Similarly, it is also crucial to consider that the majority of these products (especially those acting on CB1 and CB2 receptors) may be associated with cognitive dysfunction and increases in psychoactive behavior. It is imperative, therefore, that patients are advised to use these products with caution and to discuss their use with their primary healthcare provider. There is also a potential for drug-drug interactions (TABLE 1).
Clearly, the debate regarding the pros and cons associated with the use of medical cannabis will persist due to continuing legalization and research efforts. Therefore, it is imperative that pharmacists are knowledgeable about this issue and are prepared to answer clinician and patient questions. As one of the most accessible healthcare providers, pharmacists have a pivotal role in educating patients and prescribers about medical cannabis, including the current regulations and clinical studies exploring the potential uses of medical cannabis in chronic pain. There is ongoing research about the ECS and the role of cannabinoid compounds in various medical conditions. While various clinical studies have been conducted regarding the clinical benefits of medical cannabis, more research is required to better understand effective pain-management regimens for medical cannabis users.
1. Dahlhamer J, Lucas J, Zelaya, C, et al. Prevalence of chronic pain and high-impact chronic pain among adults–United States, 2016. MMWR Morb Mortal Wkly Rep. 2018;67:1001-1006.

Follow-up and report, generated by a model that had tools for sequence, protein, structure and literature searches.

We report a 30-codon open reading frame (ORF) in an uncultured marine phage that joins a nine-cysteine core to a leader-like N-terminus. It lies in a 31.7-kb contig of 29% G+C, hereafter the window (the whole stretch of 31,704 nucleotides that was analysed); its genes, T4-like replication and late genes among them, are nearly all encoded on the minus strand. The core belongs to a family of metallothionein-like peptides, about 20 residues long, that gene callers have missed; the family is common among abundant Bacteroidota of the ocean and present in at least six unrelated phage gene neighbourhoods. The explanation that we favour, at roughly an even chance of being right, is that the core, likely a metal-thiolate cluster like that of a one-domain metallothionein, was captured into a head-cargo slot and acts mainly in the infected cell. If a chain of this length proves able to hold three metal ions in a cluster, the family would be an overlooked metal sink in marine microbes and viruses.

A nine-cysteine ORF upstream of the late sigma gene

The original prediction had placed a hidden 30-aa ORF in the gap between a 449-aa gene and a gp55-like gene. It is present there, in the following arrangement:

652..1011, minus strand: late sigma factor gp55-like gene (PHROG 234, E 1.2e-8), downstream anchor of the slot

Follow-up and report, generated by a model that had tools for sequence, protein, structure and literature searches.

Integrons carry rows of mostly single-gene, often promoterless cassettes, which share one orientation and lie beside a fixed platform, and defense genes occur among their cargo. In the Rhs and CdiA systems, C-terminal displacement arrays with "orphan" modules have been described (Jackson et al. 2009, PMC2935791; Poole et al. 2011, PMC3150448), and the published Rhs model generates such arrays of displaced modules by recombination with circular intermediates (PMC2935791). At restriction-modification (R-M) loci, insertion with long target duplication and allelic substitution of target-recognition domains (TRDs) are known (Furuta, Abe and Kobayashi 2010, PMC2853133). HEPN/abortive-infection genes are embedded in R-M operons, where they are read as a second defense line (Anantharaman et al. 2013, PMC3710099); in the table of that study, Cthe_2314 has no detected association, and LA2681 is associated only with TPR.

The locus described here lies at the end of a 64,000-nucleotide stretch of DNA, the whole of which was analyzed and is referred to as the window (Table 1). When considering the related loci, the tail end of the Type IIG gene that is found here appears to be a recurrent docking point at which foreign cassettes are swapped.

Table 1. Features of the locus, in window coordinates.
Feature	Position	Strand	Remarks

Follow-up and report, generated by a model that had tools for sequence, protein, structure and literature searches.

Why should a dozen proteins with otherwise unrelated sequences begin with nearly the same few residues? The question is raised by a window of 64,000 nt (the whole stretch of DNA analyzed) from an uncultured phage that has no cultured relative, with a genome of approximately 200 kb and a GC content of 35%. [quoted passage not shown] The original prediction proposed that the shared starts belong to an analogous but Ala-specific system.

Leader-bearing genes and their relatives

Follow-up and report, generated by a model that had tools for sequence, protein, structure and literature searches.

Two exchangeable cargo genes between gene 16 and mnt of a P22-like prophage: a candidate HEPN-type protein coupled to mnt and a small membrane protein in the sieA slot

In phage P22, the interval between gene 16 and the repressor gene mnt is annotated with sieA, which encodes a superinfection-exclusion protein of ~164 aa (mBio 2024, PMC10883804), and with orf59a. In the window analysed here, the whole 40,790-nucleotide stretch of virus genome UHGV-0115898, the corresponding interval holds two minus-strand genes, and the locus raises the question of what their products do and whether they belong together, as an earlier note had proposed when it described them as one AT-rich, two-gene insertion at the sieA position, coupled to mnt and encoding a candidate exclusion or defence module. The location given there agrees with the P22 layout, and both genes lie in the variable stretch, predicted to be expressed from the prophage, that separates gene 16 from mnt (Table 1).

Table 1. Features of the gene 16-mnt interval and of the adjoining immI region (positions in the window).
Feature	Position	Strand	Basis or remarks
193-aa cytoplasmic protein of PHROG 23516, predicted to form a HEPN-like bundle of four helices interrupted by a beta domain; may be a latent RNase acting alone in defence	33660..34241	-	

2. Boehnke KF, Scott JR, Litinas E, et al. Pills to pot: observational analyses of cannabis substitution among medical cannabis users with chronic pain. J Pain. 2019;20(7):830-841.
3. Campbell G, Hall WD, Peacock A, et al. Effect of cannabis use in people with chronic non-cancer pain prescribed opioids: findings from a 4-year prospective cohort study. Lancet Public Health. 2018;3(7):e341-e350.
4. Medical marijuana. NIH National Center for Complementary and Integrative Health. https://nccih.nih.gov/health/marijuana. Accessed January 13, 2020.
5. Carr D, Schatman M. Cannabis for chronic pain: not ready for prime time. Am J Public Health. 2019;109(1):50-51.
6. Cassels C. Medical cannabis safe, effective in the elderly. Medscape. www.medscape.com/viewarticle/912624. May 6, 2019. Accessed January 13, 2020.
7. Cannabis. World Health Organization. www.who.int/substance_abuse/facts/cannabis/en. December 7, 2010. Accessed January 13, 2020.
8. Banerjee S, McCormack S. Medical cannabis for the treatment of chronic pain: a review of clinical effectiveness and guidelines. Ottawa (ON): Canadian Agency for Drugs and Technologies in Health. 2019. www.ncbi.nlm.nih.gov/books/NBK546424.
9. Freeman TP, Hindocha C, Green SF, Bloomfield MAP. Medicinal use of cannabis-based products and cannabinoids. BMJ. 2019;365:l1141.
10. Hauser W, Finn DP, Kalso E, et al. European Pain Federation (EFIC) position paper on appropriate use of cannabis-based medicines and medical cannabis for chronic pain management. Eur J Pain. 2018;22(9):1547-1564.
11. Vigil JM, Stith SS, Adams IM, Reeve AP. Associations between medical cannabis and prescription opioid use in chronic pain patients: a preliminary cohort study. PLoS One. 2017;12(11):e0187795.
12. Piper BJ, DeKeuster RM, Beals ML, et al. Substitution of medical cannabis for pharmaceutical agents for pain, anxiety, and sleep. J Psychopharmacol. 2017;31(5):569-575.